Last week we looked at the performance of 1st round draft picks made from 1999-2011. Now let’s take a look at the 2nd round.
I’ve made a slight adjustment, grouping CBs and Ss together as DBs. I did this because players frequently switch back and forth between these positions, and it’s tough to know what teams were projecting each player to play when they were drafted.
Below is the chart, I’ve placed it beside the 1st round chart to allow for easy comparison.
– It should come as no surprise that the % of All-Pros and Pro Bowl players has dropped precipitously. As I showed in an earlier post, as a general rule, elite NFL players come from the 1st round. Finding elite talent after that is fairly random.
– Second round LBs have almost the same odds of starting (54%) as do LBs taken in the first round (58%). This certainly supports the Eagles past philosophy of avoiding LBs early in the draft. However, it remains to be seen whether that holds past the 2nd round.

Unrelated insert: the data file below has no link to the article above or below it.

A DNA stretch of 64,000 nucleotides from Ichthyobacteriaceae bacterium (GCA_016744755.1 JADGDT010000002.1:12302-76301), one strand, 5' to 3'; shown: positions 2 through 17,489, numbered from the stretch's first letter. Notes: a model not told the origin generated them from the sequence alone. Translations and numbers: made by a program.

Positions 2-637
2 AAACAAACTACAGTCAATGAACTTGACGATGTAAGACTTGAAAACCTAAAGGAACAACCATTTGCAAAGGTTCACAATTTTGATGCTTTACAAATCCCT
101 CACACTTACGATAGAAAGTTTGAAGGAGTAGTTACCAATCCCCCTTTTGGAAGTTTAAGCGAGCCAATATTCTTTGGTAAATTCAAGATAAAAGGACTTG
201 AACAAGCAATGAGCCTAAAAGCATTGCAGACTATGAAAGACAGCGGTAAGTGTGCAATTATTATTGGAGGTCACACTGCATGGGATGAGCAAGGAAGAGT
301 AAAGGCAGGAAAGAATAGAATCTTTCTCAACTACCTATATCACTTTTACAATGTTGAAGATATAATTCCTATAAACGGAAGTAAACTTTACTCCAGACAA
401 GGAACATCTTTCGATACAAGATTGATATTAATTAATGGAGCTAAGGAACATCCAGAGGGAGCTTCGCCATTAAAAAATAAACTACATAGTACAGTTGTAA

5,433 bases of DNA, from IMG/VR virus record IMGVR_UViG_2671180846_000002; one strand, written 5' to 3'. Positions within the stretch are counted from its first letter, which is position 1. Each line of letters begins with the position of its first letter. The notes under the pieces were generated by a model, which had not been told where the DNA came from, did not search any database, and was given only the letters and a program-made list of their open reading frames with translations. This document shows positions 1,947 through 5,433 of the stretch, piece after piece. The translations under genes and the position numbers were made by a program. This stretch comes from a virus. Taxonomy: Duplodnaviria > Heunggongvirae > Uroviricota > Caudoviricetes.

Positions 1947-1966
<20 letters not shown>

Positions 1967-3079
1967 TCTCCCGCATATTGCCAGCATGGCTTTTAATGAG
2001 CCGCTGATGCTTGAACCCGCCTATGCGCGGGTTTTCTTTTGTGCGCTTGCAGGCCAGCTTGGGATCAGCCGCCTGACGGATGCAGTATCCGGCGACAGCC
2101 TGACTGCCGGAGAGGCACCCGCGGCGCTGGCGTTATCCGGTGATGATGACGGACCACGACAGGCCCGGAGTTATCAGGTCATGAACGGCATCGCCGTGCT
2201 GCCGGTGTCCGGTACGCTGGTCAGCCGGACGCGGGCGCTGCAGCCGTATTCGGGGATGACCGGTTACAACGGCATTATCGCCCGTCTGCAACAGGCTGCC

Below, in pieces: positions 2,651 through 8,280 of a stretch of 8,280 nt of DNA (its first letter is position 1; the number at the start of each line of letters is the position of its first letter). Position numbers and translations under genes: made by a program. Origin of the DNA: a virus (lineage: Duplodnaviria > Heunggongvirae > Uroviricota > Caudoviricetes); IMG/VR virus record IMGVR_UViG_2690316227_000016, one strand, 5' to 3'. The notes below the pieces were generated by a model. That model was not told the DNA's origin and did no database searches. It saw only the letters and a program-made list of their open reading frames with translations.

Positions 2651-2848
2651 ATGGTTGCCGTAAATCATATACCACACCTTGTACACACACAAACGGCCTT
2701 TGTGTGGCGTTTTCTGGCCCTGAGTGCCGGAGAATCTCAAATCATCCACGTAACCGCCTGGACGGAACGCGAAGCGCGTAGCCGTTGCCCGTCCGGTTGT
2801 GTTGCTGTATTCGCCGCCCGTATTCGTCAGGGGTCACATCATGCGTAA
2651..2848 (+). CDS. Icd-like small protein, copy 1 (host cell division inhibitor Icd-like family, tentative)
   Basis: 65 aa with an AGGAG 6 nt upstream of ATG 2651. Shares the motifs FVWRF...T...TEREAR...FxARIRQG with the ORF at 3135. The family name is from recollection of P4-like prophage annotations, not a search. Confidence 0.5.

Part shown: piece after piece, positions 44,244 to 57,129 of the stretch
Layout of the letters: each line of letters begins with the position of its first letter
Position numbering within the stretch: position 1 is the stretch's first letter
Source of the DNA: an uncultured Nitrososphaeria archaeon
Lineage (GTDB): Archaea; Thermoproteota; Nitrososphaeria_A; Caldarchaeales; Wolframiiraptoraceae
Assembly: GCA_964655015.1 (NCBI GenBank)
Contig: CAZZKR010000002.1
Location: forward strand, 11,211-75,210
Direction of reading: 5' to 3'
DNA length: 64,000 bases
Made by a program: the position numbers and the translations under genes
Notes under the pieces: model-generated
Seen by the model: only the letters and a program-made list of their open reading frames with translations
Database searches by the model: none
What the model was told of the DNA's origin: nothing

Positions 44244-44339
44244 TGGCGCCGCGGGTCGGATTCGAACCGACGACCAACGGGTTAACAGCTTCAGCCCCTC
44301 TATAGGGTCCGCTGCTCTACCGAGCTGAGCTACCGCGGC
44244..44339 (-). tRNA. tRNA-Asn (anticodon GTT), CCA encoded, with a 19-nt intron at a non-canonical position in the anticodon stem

– Second round DEs start just 36% of the time, compared to 67% for 1st rounders. This might be the most surprising result. It appears as though if you need DE help, you have to get it in the 1st round.
– Conversely, 70% of Tackles taken in the 2nd round ended up as starters. Additionally, almost the same percentage made a Pro Bowl as those take in the first round. This would seem to suggest that if you can’t get an Elite OT prospect, likely in the top 10, than it is better to wait and take a T in round 2.
– 2nd round running backs have performed rather poorly. Just 27% have become starters. Shady is the exception to what should be a rule against drafting RBs in the 2nd. RBs also were among the worst performers in the 1st round.
Soon we’ll add the 3rd round, which should allow us to start seeing trends. Eventually, we’ll have a good idea of what positions the Eagles should target and when in the draft they should take them. This won’t hold for their top pick, but the mid-late rounds are likely much more luck driven, in which case the team should look to historical data for guidance.
Fascinating stuff. I look forward the the next segment. You’ve got me doing calculations in Excel!
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